The NY Times is reporting on mobile apps that track your movements after users agree to enable location services
Personal injury lawyers are buying advertisements from ad firms that are clients of tracking location companies. When they detect a person in an emergency room, the advertising sent to the phone is customized to target people who might have been in an accident. The NY Times was able to use the anonymous data to correctly identify nuclear plant employees, nurses, a police officer working on a homicide case, jail workers, teachers, AA members, weight watchers members, etc. Some of the people they tracked were willing to discuss their feelings on data collection in the article. More than 1,200 apps contain the tracking code. "Location data companies pay half a cent to two cents per user per month, according to offer letters to app makers reviewed by The Times."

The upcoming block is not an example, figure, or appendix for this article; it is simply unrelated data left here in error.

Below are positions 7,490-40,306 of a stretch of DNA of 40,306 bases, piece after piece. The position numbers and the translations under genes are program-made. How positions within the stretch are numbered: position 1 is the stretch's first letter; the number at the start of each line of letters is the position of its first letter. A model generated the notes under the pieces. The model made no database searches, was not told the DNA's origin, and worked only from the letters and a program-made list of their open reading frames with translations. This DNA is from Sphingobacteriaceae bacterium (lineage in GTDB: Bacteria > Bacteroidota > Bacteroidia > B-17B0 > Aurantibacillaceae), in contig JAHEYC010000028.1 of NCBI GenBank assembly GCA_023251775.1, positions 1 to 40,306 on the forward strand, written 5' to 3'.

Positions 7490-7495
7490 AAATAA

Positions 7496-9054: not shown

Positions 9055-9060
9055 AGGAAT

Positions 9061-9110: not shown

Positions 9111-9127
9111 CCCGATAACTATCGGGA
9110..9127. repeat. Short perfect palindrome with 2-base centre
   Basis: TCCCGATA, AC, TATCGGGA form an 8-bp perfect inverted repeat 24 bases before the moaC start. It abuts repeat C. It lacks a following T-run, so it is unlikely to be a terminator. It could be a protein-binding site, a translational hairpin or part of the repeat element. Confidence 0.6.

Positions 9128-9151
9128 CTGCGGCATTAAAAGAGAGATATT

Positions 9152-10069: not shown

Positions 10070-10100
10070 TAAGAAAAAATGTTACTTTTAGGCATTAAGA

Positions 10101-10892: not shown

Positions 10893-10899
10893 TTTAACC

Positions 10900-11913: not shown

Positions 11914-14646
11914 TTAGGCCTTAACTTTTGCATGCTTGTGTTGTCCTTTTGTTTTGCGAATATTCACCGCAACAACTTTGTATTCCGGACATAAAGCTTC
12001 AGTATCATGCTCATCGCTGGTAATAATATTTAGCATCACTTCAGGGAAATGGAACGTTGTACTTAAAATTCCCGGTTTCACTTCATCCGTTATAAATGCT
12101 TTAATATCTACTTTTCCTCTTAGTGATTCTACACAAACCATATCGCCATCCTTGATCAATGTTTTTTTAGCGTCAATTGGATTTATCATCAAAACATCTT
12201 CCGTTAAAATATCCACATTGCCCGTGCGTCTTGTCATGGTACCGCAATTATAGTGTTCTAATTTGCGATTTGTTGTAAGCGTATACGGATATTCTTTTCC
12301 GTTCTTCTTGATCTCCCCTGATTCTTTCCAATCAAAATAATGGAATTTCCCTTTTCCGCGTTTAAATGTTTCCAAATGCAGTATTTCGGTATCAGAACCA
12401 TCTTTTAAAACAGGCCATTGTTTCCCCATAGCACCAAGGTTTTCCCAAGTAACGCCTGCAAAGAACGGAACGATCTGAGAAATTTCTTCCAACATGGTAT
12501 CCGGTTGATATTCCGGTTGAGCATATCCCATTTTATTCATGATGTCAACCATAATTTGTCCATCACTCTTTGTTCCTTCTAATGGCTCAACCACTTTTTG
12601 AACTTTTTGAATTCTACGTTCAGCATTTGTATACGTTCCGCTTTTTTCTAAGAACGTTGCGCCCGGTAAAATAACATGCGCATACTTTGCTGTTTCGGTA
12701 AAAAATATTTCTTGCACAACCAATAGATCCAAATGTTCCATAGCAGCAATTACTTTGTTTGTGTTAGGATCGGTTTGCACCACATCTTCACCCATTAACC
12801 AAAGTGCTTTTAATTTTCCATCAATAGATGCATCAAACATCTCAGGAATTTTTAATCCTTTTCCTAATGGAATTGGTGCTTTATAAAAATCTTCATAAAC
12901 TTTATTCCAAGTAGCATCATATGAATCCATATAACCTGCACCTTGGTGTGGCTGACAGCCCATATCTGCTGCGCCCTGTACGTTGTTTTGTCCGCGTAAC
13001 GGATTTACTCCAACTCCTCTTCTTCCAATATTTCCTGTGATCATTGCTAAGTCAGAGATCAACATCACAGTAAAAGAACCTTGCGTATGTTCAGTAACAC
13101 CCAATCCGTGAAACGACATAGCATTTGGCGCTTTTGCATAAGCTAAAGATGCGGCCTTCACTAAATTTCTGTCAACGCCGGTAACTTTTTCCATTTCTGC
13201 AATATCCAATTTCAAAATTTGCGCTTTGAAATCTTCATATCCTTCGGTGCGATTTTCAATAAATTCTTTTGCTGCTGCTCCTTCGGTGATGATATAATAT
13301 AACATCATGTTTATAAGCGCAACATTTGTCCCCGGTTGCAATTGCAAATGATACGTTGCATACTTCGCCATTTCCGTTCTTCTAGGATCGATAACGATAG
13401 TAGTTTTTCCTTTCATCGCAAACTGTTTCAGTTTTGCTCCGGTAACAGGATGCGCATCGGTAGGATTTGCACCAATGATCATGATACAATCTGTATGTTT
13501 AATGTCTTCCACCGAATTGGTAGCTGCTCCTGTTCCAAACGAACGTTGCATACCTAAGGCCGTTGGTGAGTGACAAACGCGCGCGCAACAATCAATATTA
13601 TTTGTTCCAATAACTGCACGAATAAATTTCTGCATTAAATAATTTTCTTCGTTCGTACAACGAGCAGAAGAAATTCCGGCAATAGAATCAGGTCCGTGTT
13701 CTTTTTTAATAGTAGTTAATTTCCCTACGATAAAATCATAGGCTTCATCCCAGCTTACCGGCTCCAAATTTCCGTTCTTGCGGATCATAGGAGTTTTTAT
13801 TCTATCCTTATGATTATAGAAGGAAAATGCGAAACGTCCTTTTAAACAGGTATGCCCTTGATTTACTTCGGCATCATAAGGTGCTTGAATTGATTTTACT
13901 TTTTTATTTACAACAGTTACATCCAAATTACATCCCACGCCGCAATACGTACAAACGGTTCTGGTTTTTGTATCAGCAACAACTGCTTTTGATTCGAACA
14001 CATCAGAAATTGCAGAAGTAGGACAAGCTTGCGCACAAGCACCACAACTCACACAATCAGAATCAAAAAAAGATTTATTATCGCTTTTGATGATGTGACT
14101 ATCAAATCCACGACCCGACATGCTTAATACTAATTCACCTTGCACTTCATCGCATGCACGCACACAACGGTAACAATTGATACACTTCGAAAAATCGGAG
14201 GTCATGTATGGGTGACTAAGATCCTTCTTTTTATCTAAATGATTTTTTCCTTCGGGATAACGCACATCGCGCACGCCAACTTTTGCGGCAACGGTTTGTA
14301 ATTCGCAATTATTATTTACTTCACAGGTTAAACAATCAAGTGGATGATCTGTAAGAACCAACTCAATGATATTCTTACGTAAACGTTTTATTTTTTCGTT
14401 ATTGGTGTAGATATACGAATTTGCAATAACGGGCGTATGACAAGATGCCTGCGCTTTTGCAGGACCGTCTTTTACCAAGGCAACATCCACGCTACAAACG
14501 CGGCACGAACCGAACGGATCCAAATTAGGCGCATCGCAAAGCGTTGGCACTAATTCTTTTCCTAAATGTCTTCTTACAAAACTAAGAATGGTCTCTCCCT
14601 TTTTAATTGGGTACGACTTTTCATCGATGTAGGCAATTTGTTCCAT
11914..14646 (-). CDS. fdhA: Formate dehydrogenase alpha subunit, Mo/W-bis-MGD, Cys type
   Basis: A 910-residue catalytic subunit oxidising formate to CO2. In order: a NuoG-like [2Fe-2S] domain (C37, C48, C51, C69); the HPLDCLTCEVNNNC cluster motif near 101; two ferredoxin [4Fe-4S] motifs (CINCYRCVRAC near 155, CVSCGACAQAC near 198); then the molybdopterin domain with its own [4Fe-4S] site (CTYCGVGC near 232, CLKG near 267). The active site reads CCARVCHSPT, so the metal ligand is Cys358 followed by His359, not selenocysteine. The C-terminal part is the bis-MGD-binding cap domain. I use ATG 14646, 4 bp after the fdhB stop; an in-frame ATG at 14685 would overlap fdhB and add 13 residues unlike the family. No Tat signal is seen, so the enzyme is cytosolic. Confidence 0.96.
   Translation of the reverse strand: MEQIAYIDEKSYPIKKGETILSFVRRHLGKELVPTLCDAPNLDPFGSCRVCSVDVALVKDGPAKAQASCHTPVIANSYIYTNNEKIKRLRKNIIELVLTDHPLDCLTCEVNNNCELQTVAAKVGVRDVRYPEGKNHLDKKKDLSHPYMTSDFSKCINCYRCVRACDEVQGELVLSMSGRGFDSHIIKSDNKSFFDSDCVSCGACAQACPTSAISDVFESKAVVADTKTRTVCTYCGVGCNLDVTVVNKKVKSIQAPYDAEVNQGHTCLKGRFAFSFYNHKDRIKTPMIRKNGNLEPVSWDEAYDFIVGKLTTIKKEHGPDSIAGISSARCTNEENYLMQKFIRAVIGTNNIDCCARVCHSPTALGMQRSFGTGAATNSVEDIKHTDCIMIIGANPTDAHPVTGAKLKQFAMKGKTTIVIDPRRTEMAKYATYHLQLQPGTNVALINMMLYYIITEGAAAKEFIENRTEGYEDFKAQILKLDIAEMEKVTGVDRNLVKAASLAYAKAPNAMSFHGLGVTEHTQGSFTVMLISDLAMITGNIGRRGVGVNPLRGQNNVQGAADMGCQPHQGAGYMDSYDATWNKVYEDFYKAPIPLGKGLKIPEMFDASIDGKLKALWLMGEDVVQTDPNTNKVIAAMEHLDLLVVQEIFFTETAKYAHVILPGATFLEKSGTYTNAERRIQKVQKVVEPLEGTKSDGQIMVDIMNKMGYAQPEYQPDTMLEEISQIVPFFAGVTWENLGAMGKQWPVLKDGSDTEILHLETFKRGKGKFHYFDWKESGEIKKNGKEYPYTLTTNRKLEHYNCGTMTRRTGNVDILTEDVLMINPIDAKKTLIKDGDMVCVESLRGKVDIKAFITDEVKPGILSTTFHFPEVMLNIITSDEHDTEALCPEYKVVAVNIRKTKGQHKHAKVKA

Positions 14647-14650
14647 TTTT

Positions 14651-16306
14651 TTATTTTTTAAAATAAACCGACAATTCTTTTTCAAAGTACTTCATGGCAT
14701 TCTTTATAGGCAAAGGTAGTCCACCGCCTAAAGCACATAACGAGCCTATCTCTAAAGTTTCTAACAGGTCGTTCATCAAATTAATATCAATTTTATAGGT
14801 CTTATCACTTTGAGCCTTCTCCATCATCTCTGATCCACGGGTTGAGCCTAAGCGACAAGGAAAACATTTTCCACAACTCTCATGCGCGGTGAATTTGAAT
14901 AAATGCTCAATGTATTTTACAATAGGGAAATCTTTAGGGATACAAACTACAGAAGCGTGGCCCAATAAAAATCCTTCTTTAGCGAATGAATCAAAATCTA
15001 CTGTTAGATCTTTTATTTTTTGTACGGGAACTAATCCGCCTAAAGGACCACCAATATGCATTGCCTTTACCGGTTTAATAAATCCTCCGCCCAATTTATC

Posted by cageymaru 2:58 PM (CST)
Businesses say their interest is in the patterns, not the identities, that the data reveals about consumers. They note that the information apps collect is tied not to someone's name or phone number but to a unique ID. But those with access to the raw data -- including employees or clients -- could still identify a person without consent. They could follow someone they knew, by pinpointing a phone that regularly spent time at that person's home address. Or, working in reverse, they could attach a name to an anonymous dot, by seeing where the device spent nights and using public records to figure out who lived there.